A newspaper reported an unusual incident at a fast-food restaurant. The manager had put the day’s cash in a paper bag for deposit that night, but an attendant mistook it for an order and gave it to a couple at the drive-through window. A short time later, when the man and woman opened the bag in a nearby park, they were shocked by its contents. They immediately drove back to return it. The manager had reported a robbery, so police cars and a TV crew were on the scene. How relieved he was to get the money back! He said to the couple, “You should be featured on the evening news for your honesty.” “Oh, please, no publicity!” replied the man nervously. “She’s not my wife.”

Here is a man who was honest with money but not with his honey. Joseph, in contrast, was honest with all before God. Let’s face it, to be honest with another’s money but dishonest with another’s spouse isn’t being consistent. Potiphar had entrusted all he owned to Joseph (Gen. 39:6). And when Potiphar’s wife tried to seduce him, Joseph maintained his integrity by refusing her advances (vv.8-12). It cost him dearly, but ultimately it yielded great rewards (41:37-50:26). We must look beyond cultural standards and, instead, see that ultimately we are responsible to God! Like Joseph, we need to ask, “How can I commit this great sin against God?” True, we live in a very sexually immoral world. Yet, God’s boundary concerning marriage has not changed “Marriage is honorable among all, and the bed undefiled; but fornicators and adulterers God will judge” (Heb. 13:4). That’s right! Living together is a sin. This passages gives you the low down on shackin up. A few moments of sexual pleasure can bring great and lasting damage to you, to others, to your reputation, to your relationship with God, to your lifetime love, etc. Like Joseph we must maintain our sexual integrity.

Daniel in a Heathen Court – SAY NO

The Babylonians had destroyed the temple and Jerusalem. For the time being there really was no priesthood, sacrifices, temple, etc. Daniel was a lad in a foreign land with strange customs and diet that included unclean animals. What is he suppose to do? When in Rome…? NO! “But Daniel purposed in his heart that he would not defile himself with the portion of the king’s delicacies, nor with the wine which he drank; therefore he requested of the chief of the eunuchs that he might not defile himself” (Dan. 1:8). I’ve never been a big fan of sweet potatoes. My decisions are based on taste. Not so with Daniel. His decisions were based on convictions which he held to with great courage. He could have been killed.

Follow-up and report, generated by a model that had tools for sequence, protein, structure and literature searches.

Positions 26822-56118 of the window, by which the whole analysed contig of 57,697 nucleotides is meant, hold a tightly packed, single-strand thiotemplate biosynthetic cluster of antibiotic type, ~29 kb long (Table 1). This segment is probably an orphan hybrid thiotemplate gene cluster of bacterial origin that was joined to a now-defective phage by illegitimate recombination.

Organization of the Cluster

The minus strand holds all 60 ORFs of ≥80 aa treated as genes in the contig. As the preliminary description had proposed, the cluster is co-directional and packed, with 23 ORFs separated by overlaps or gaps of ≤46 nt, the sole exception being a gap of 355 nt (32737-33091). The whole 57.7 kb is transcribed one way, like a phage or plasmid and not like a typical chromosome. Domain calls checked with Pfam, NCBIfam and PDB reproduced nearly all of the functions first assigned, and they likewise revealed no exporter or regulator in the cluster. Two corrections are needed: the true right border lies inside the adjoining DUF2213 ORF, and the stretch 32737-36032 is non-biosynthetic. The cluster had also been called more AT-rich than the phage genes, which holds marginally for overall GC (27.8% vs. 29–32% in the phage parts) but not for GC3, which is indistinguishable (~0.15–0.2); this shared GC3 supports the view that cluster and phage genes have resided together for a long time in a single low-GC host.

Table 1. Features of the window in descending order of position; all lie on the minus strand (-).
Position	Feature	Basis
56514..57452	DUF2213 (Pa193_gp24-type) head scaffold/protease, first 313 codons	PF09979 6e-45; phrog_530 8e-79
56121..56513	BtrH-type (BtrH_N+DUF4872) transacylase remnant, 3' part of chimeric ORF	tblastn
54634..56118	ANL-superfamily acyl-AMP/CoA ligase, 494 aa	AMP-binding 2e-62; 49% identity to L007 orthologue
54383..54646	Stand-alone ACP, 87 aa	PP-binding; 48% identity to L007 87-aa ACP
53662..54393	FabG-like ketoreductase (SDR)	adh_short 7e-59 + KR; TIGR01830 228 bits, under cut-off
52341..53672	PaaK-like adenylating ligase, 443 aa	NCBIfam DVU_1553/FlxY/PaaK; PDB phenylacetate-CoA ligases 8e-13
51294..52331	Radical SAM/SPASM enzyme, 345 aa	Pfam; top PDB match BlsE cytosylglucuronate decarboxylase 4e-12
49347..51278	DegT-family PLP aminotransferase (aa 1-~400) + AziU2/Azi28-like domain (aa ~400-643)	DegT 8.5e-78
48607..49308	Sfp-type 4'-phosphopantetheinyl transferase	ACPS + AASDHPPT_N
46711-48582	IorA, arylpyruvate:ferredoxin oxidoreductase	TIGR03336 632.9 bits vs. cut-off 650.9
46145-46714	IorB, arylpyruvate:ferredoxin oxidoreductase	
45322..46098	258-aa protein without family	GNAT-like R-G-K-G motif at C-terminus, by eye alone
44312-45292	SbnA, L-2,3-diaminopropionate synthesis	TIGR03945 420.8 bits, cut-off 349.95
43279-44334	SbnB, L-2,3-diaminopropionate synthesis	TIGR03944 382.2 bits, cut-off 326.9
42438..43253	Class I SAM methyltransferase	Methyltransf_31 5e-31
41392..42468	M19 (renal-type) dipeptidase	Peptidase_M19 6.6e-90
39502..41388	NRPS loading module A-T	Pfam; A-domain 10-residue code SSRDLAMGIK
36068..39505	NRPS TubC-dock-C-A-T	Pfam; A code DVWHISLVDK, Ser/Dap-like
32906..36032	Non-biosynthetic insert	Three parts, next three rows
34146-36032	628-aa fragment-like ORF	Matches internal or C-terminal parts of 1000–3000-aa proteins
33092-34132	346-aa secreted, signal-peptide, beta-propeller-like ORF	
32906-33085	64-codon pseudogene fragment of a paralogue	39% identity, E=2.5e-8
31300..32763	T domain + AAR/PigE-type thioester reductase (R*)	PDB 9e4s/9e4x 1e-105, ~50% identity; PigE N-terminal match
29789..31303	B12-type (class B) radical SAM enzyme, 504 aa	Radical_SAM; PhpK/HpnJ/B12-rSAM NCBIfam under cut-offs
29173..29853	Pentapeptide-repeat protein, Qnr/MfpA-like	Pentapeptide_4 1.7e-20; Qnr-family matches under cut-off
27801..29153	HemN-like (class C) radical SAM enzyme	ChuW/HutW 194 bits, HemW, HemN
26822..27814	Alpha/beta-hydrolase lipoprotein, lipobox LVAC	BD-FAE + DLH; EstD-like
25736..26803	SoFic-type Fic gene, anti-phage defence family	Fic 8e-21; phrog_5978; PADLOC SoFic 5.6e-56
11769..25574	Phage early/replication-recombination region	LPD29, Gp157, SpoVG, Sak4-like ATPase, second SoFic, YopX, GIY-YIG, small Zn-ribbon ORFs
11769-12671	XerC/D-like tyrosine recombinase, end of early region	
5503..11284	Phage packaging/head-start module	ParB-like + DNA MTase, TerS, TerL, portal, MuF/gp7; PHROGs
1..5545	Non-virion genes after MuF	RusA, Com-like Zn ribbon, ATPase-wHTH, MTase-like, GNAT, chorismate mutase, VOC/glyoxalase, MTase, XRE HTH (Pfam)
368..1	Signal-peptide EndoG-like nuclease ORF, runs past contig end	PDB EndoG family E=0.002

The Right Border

We live in a foreign land which is not our home. We are just pilgrims passing through. What shall we do? Live like that rest of the world or like citizens of Heaven? Do you have the courage of your convictions. Do you say no to smoking? Do you say no to drinking? Do you say no to speeding? Do you say no to forsaking the assembling of the saints to be with friends and relatives?

Prodigal Son in a pig sty – REMEMBER YOUR FATHER

The prodigal son found himself in troublesome times and evil places because of his on sinfulness. According to Luke 15 he was self-willed (12); selfish (12) separated from his father (12,13), sensual in lifestyle (13) self-abased by sin (14) and starving (15,16). These remind us of so many who leave their heavenly father for a life of sin. They are the steps to stagnation followed by the masses.

However, there is a road to recovery. The prodigal found it when he came to the realization that he did not have to live that way any more (17-19). He repented of his choice of life (17-19). He made a resolution to do something about his life (18). He returned home (20). He renounced his wickedness (21). As a result he found restoration to the family (22) which produced much rejoicing (22-24,32).

Yes, we are living in troublesome times. You are not alone. Many have lived in tough times and difficult places long before you were born. From their example we can learn to..

  • Live righteously in an wicked world.
  • Remain sensitive to sin.
  • Flee fornication.
  • Say no to the sinful customs of men.
  • …and remember our Father in Heaven who longs for our return.

– Daniel R. Vess

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Categories: The Forum